How to prepare for a strange Christmas
You probably already realize that this year you need to prepare for a strange Christmas. What’s coming will be a very different Christmas than usual. We all have a difficult year behind us, from which no one came out completely unscathed. Months of isolation, smart working, economic difficulties. And now? We are getting ready to spend the holidays but finding the right spirit may not be easy. Yet a moment of lightness can only do us good.
Don’t give in to stress
According to research by the American Psychological Association, 67% of Americans believe that their level of stress has increased during the pandemic. Almost one in five adults also say that their level of stress is higher than at the same time last year.
Experts are concerned that the combination of the usual holiday stress and pandemic anxiety is the perfect premise for truly unhealthy holidays for both adults and children. But recognizing the fact that this season has some unique challenges in store and focusing only on what you can control, we can still prevent the situation from precipitating.
The effects of stress on the body
When a person senses that something is wrong, the brain and the body snap at attention. You trigger normal, almost functional feelings from an evolutionary point of view. The “escape or fight reaction”, which once helped us to produce those speed shots necessary to escape predators, floods our bodies with adrenaline and cortisol. These stress hormones communicate to our heart to increase heartbeats, and to our blood pressure to rise.
But what works to escape the lions is not useful to manage the stress that we face today. In these cases, instead of bringing us back to our normal state, stress lingers, triggering a series of domino-effect symptoms.
Prolonged stress can lead to heart disease, obesity and other chronic diseases. It can lead the individual to bend back and neck, inducing further musculoskeletal problems, as well as interfering with digestion, resulting in heartburn, bloating and appetite changes. Stress can also bring rashes of acne and rashes and cause hair loss.
To face this situation it is essential to learn to take care of ourselves and others.
Children and holiday stress
In recent months, the youngest have already experienced enormous losses, in terms of situations and activities, often closed in at home, away from friends, school mates and open spaces in which to play.
Although stress is usually thought of as an “adult” problem, even children can experience it. Younger children often experience a sort of “regression” when dealing with stress, for older children, self-isolation is usually the first sign of this discomfort.
Children have so many reasons to feel stressed in relation to this year’s Christmas season. They may miss large family gatherings or typical festive activities. They may feel sad about not seeing their friends, and anxious about a seemingly endless situation. Or they might get stressed out because of adult concerns, like financial or health issues.
Essential is knowing how to talk to them and establish an empathic relationship. Don’t fall into the error of behaving as if everything were normal This would serve to make them feel our lack of sincerity. Instead, try to reassure while acknowledging the difficulties, and offer an alternative in times of activity and sharing in the family.
Prepare for a strange Christmas
Fear of loneliness
The pandemic has put our security in crisis. We feel fear of loneliness and the anguish of not being able to overcome this period unscathed. To this we add the Christmas holidays that this year will have an absolutely new declination. For weeks television has warned us not to make the same mistakes of the summer. The winter will make it even more disastrous. It’s the time of the flu. If you add in COVID, it can bring down hospitals. Christmas must therefore be managed with caution and maximum care. Yes, prepare for a strange Christmas.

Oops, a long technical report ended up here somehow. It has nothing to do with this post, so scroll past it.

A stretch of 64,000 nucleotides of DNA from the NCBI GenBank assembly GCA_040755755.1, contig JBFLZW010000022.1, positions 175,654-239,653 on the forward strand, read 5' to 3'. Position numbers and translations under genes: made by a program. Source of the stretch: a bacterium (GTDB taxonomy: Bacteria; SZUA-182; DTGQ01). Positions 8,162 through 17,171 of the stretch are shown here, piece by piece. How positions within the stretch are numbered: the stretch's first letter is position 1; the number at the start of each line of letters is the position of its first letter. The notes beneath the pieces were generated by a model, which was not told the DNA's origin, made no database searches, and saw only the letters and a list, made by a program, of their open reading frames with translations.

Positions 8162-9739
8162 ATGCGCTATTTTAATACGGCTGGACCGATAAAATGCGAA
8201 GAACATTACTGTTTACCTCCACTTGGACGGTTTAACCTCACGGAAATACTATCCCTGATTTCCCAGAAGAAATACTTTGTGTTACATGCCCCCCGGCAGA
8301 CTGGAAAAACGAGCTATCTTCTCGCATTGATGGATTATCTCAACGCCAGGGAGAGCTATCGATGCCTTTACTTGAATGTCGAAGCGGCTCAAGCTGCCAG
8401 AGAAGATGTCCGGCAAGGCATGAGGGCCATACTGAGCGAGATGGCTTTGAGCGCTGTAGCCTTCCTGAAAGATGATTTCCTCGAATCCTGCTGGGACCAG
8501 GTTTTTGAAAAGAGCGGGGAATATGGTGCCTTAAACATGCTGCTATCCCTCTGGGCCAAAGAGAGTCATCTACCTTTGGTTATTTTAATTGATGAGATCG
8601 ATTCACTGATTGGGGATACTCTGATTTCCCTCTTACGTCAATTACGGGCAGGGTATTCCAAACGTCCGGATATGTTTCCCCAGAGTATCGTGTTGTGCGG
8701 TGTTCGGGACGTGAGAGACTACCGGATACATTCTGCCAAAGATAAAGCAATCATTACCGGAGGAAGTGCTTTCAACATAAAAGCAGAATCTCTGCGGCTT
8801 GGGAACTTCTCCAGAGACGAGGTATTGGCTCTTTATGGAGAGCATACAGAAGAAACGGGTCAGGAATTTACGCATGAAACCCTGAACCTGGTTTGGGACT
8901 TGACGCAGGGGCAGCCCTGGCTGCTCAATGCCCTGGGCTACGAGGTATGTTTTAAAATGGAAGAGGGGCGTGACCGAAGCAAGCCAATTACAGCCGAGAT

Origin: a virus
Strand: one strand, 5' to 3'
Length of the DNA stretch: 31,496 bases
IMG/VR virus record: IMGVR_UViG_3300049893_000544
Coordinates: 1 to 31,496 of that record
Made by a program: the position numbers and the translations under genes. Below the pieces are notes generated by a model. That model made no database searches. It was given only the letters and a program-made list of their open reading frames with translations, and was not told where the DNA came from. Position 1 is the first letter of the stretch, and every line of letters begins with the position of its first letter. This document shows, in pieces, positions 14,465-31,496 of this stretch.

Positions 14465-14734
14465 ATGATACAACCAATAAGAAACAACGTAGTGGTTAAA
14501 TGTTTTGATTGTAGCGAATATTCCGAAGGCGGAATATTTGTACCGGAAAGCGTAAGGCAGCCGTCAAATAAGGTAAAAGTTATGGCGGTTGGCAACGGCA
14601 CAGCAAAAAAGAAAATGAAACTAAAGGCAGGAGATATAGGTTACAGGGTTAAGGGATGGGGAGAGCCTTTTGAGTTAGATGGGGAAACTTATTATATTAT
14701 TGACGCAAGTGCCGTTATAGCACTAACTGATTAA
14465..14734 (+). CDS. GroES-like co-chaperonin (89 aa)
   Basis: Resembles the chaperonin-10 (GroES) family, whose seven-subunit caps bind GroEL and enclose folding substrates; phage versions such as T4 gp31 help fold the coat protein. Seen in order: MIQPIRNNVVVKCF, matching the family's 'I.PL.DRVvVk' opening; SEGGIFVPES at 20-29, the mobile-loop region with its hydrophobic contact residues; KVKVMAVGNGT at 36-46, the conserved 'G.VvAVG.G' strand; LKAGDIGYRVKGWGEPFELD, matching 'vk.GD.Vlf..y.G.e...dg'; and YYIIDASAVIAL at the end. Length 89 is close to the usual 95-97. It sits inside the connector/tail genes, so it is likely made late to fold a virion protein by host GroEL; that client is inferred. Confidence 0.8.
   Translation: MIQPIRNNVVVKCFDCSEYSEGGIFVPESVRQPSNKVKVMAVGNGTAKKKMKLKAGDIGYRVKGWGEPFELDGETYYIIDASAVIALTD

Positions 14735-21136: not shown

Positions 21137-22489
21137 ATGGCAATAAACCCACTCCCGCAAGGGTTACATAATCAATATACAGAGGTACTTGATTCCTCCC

Fragility of Society
On Christmas Day and New Year’s Eve, COVID highlights the fragility of a society that brings with it crises of value and deep-rooted affections that existed for a long time. Those with the tools to endure the distance will not be frightened by a different Christmas even if he feels sad. But isolation must be distinguished from loneliness. If we isolate ourselves for valid reasons to protect health as we do for the elderly who are the most fragile, we can better overcome even the forced loneliness. The point is to have the tools to deal with it without too much pain.
First of all, we need to know that we can count on a network— the family and friends— solid and present. The real problem is the “accumulation of loneliness.” One who already lives in a situation of solitude during the year clings to this moment of celebration to see his loved ones. It is, therefore clear that he will live mourning this impossibility. Those who, on the contrary, feel surrounded by love, will understand that it is an emergency measure to avoid a real and serious problem and will be able to face it with greater serenity.
Traditions and news
It will surely be a Christmas in which traditions will be broken and some of us will pass it alone. So, as not to rise from the sadness, some small suggestion:
- We will be forced to abandon traditions and customs. Let’s try to look for something new that will put us in a good mood,
- We cook, even if only for us. And we look for interesting recipes or ask grandparents, uncles and relatives and then cook these recipes in our own way,
- We use video calls to be together,
- Let us remember the others with greeting cards, calls, little gifts thoughts, letters.
If we can take it as an opportunity to devote a little more attention to ourselves and others, this Christmas will still be a Merry Christmas!